The SIA Healthcare Staffing Summit returned October 27-28 for their 18th annual healthcare conference, bringing healthcare industry leaders and professionals together virtually in an interactive and innovative layout with the year’s insights and updates in mind.
This year’s insights were centered around specific healthcare staffing segments, including per diem nursing, allied health, travel nursing and locum tenens while discussing what the future holds for healthcare staffing, and what the outcome will look like after nearly a decade of steady growth in a time where current health crisis is front and center.
SIA Healthcare Staffing Summit 2020 Recap
This virtual summit’s theme, Rising to the Challenges of 2020, brought insights and updates from across the healthcare staffing sector as the market continues to move forward in a time where we are facing uncertainty. With a focus on providing healthcare professionals to diagnose and treat coronavirus infections, the summit covered a variety of topics, including key trends accelerated by COVID-19, ways the pandemic is affecting the economy, and healthcare data insights.
Key trends accelerated by COVID-19
Healthcare leader, CEO, physician, strategist and technologist Dr. David Friend highlighted the key trends and developments as it relates to the healthcare system’s COVID-19 response.
Consumer demand for a better healthcare experience
Pandemic-accelerated consumer behavior trends are transforming healthcare. We all have been conditioned by the Amazon customer experience, so at the end of the day when it comes to healthcare—consumers expect seamless communication, service and overall virtual healthcare experience. They’ll want price transparency over opacity, medical data availability over data hostage, as well as technology advancements and drone delivery over waiting rooms.
Adopting digital and mobile technology in healthcare
Telehealth is on the rise. We’ve previously talked about the increased opportunities for telehealth with the pandemic giving this advancement even more of a boost. With that, there’s also a need for more telehealth leadership.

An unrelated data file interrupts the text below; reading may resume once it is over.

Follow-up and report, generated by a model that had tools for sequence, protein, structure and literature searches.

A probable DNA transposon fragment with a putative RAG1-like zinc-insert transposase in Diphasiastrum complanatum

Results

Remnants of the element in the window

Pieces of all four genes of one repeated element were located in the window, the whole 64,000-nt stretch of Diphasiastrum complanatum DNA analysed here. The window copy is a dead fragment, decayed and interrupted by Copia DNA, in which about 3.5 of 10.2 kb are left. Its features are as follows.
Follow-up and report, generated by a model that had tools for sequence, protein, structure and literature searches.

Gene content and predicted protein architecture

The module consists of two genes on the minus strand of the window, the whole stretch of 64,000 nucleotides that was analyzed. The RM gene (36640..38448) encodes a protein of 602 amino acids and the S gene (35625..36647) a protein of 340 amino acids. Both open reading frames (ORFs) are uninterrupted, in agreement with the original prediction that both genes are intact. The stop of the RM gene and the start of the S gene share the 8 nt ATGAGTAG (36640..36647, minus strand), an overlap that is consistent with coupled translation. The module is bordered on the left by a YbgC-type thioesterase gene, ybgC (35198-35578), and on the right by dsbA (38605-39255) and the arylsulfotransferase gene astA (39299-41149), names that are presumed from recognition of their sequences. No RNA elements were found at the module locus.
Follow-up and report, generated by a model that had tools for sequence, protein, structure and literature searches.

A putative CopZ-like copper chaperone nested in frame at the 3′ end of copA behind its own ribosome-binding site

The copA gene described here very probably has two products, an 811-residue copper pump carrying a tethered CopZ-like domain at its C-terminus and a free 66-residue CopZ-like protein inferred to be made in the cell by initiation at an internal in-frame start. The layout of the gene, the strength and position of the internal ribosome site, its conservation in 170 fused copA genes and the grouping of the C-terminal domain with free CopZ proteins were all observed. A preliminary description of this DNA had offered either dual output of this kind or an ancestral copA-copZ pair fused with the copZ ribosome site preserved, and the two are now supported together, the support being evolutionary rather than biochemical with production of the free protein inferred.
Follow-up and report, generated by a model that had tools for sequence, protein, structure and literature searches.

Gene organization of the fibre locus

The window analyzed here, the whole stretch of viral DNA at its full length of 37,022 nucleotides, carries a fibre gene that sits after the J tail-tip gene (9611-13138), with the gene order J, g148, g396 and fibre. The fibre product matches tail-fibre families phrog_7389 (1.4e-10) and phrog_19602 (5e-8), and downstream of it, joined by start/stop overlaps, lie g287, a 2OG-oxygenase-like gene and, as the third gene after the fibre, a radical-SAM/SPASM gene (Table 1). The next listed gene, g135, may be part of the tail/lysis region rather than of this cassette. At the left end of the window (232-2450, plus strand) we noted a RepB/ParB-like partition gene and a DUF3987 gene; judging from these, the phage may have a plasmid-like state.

The use of technology to monitor health and fitness, and to order prescription refills is growing. New data shows that consumers are more at ease when it comes to sharing health data during a crisis, as opposed to hesitation to share this data prior to COVID-19.
In mobile healthcare tech, wearables are advancing with new tech and apps in pulse oxygenation, temperature monitoring, fall detection, dementia diagnostics, cardiac monitoring, preventative cardiology measures, and continuous glucose monitoring for diabetes.
Redesigning the supply chain
The pandemic proved PPE failures that need to be understood and avoided moving forward. To solve some of these issues, the U.S. will need:
- To increase U.S.-based production of reagents, pharmaceuticals, and equipment
- Supplier diversification
- Improved monitoring and distribution of supplies
- Better inventory management
- To meet the increased demand for full-service staffing vendors
Three ways the pandemic is affecting the economy
Expert economic forecaster and former chief economist for CNBC, Dr. Marci Rossell discussed industry impact on the economy. The outlook of the U.S. economy shows disruptive labor markets that aren’t following the normal pattern you would see during a recession. During the height of COVID, unemployment skyrocketed to 600 million people. This pandemic will have a severe impact on healthcare or anything that cannot be socially distant and has made its mark on the economy in three ways: income, wealth, and financial uncertainty.
- Healthcare was the industry that suffered the most in Q2 2020
- GDP worldwide collapsed 9%
- 10% of the working economy got hit hard
- Wealth is behaving in a different way than income
- People are more focused on saving as a result of uncertainties to what the future holds
- Current stock market is unsteady
- Only 37% of the working economy was able to work from home at the beginning of the pandemic
- A major shift in the environment will allow people to be able to work in a hybrid environment and more people will work from home going forward
- There will be an increase in remote working—less travel, more online shopping and delivery services
- Many people are acting the way life is as it is today that it will be permanent, possibly for years to come
- Uncertainty over how election year will affect the economy
- Uncertainty over how winter will affect the economy
Stats from the 2020 SIA Healthcare Summit
- 45 million healthcare consumers are over the age 65 in 2020; this is one sixth of the population making up one third of the healthcare spending in the U.S.
- 10,000 people a day are turning 65
- Healthcare spending is growing by $1 billion per week
- In 2050 the trend will continue where 80 million consumers are over age 65; this will be one fourth of the population making up half of the healthcare spending in the U.S.
- Chronic and acute diseases are estimated to grow 40% by 2050